Scientists believe a fossilized egg discovered in Antarctica could have come from a “giant marine reptile,” according to a new report in the journal Nature.
The egg, thought to be 68 million years old, was found in 2011 but languished in Chile’s National Museum of Natural History until it was examined by researchers at the University of Texas at Austin, The Independent reported.
The 11-by-7-inch egg is the second-largest of any animal ever to be found.
Some scientists are currently hypothesizing that the egg came from a mosasaur, a giant creature of the dinosaur era.
This fossilised egg was found in Antarctica in 2011 and was a mystery as it has a soft shell unlike dinosaurs. They think it was laid by a giant marine reptile, possibly a mosasaur, making it the largest reptile egg ever found!
— Naturalist Dan (@NaturalistDan) June 17, 2020
Whether it turns out to be from a mosasaur or another animal, this is a spectacular find that, like so many fossils, totally upends what we thought anatomically/physiologically possible based on modern animals alone! Definitely puts the “cool” in Antarcticoolithus!
— Danny Barta (@danny_oolithus) June 19, 2020
A giant fossilized egg of an extinct marine reptile found in the 68-million-year-old nearshore marine deposits in Antarctica. The identity of the animal is unknown, but these morphologies are consistent w/ the skeletal remains of mosasaurs found nearby.https://t.co/rNPVYjuyOu pic.twitter.com/4b1AzpVVWH
— Jenna ? (@JennaExplorer) June 19, 2020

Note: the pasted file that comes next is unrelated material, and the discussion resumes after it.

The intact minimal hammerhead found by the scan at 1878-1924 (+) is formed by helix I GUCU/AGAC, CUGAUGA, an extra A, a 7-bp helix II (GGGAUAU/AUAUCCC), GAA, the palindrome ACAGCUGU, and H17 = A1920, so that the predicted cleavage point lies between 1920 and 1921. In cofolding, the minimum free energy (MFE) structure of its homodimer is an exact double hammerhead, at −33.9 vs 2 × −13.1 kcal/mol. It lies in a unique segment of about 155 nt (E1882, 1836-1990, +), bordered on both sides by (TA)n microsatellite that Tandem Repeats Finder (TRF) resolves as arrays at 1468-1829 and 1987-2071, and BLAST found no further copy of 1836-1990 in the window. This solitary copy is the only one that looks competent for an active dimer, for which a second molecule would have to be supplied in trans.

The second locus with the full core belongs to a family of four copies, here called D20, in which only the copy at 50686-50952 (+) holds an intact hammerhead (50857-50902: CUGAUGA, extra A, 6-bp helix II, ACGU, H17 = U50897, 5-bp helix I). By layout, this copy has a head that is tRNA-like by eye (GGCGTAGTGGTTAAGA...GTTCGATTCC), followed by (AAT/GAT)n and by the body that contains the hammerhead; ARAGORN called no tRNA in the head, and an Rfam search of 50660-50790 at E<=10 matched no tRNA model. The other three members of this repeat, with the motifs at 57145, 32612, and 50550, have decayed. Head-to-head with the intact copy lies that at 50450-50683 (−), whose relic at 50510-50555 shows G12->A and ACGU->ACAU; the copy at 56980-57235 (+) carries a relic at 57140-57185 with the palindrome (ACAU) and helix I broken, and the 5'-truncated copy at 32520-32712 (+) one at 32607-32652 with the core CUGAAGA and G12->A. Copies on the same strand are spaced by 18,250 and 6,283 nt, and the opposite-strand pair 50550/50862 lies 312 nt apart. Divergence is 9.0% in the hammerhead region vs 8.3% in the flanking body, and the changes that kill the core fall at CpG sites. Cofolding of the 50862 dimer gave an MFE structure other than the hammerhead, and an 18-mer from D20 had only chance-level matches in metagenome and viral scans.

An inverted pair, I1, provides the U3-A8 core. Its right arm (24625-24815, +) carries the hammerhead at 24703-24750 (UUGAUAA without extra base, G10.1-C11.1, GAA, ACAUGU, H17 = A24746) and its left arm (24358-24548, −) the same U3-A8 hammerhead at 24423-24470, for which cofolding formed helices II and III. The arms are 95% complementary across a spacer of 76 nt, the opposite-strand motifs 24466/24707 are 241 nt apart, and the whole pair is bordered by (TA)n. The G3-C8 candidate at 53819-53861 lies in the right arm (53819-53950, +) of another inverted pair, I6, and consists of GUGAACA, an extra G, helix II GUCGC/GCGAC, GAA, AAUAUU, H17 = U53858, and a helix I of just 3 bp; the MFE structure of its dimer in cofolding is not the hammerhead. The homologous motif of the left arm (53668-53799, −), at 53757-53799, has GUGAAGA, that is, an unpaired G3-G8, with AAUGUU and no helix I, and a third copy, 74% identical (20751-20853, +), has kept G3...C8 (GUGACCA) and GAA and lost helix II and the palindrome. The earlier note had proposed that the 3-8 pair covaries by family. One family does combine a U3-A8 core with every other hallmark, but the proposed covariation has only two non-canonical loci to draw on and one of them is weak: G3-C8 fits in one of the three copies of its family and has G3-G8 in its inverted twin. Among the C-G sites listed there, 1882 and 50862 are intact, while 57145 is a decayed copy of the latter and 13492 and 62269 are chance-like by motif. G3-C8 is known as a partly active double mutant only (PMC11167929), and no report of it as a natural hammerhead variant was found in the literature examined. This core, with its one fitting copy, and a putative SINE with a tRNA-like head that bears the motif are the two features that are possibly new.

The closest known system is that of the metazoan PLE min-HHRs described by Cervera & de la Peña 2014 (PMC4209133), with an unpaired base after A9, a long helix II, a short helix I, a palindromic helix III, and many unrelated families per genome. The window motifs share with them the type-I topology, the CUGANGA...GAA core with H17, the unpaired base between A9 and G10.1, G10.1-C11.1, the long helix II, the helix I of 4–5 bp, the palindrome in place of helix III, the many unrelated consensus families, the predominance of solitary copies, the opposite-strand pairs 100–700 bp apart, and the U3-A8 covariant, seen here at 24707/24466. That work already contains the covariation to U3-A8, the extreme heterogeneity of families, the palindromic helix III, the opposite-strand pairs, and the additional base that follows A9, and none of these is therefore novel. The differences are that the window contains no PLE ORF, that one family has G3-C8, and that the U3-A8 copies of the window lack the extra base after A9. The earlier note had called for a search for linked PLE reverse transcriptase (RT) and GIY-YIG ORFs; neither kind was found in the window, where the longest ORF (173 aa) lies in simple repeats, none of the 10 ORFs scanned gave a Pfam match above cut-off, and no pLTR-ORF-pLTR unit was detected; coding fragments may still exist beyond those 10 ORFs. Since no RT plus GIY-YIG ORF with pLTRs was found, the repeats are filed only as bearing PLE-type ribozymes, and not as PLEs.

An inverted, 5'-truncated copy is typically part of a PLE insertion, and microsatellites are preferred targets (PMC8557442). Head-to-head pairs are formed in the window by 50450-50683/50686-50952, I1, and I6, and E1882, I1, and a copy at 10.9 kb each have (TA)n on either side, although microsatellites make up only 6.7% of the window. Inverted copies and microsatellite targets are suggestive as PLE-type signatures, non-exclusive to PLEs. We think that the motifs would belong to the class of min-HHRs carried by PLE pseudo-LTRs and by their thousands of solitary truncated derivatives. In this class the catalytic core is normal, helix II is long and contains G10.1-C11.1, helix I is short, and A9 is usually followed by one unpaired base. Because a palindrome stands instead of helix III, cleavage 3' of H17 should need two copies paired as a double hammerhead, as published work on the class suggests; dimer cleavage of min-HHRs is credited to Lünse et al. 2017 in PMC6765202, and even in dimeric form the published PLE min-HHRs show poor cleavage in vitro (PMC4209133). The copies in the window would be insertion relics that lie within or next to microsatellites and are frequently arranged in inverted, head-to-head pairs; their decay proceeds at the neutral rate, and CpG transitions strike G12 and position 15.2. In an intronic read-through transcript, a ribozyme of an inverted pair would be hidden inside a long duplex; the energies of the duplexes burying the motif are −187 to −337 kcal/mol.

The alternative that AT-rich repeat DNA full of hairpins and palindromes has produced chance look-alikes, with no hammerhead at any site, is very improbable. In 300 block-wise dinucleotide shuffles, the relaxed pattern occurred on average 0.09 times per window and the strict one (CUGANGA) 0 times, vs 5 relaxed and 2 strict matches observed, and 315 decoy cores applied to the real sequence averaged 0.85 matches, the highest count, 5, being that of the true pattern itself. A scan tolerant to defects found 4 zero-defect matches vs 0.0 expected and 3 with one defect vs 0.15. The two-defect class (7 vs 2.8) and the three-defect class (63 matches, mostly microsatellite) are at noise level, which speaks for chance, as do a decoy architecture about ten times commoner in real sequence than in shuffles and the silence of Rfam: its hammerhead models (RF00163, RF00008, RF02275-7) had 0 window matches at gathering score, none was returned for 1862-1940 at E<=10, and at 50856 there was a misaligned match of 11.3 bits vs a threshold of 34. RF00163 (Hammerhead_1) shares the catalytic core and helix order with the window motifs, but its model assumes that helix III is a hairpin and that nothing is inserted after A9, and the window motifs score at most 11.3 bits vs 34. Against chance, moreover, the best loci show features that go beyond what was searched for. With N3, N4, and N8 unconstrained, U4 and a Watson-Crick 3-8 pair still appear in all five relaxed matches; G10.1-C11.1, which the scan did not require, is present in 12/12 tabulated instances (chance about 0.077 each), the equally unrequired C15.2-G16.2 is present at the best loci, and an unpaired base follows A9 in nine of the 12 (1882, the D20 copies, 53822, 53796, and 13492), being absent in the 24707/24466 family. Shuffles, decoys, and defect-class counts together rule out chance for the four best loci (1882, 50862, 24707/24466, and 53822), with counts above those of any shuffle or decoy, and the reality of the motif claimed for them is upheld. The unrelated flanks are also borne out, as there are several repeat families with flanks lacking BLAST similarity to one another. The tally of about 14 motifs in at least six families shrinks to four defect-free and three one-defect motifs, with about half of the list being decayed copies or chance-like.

I don’t know why it’s a problem to believe in God/be a Christian and also be a scientist. If God is God He surely knows a) more than any of us & b) all about science! ?
— grace van der gugten (@gracieinthecity) June 19, 2020
“It is from an animal the size of a large dinosaur, but it is completely unlike a dinosaur egg,” Lucas Legendre, a researcher at UT Austin’s Jackson School of Geosciences, told The Independent.
“It is most similar to the eggs of lizards and snakes, but it is from a truly giant relative of these animals.”
In trying to estimate the size of the creature that laid the egg, Legendre compared the body size of 259 living reptiles to the size of their eggs.
His conclusion was that the animal that laid the Antarctic egg would have had to have been about 7 meters long, which comes out to just shy of 23 feet. Adult mosasaurs could have run as large as 60 feet, according to The New York Times.
The egg was found amid skeletons from baby mosasaurs and plesiosaurs.
“Many authors have hypothesized that this was sort of a nursery site with shallow protected water, a cove environment where the young ones would have had a quiet setting to grow up,” Legendre said.
David Rubilar-Rogers of Chile’s National Museum of Natural History, who helped discover the egg fossil in 2011, said no one was interested in studying the find until 2018, when he met Julia Clarke, a professor at UT Austin.
“I showed it to her and, after a few minutes, Julia told me it could be a deflated egg!” Rubilar-Rogers said.
“It was weird enough that they decided to collect it, even though it wasn’t clear what it was. It definitely wasn’t bone, but it was strikingly unusual,” Clarke told NPR.
Soft-shell eggs such as the fossilized one found in Antarctica are laid by various snakes, lizards and turtles.
“The shell is very thin. It can rip almost immediately upon exiting the mother, and the juvenile emerges from that egg,” Clarke explained.
“A soft-shelled fossil egg like this is a rare gem,” Princeton University biologist Mary Caswell Stoddard said. “The lack of soft-shelled fossil eggs, which are extraordinarily rare, makes it challenging to flesh out a detailed picture of egg evolution in vertebrates. This discovery helps provide one critical piece of the puzzle.”
Legendre, in his research, found several layers of membrane, indicating for certain that the fossil was an egg.
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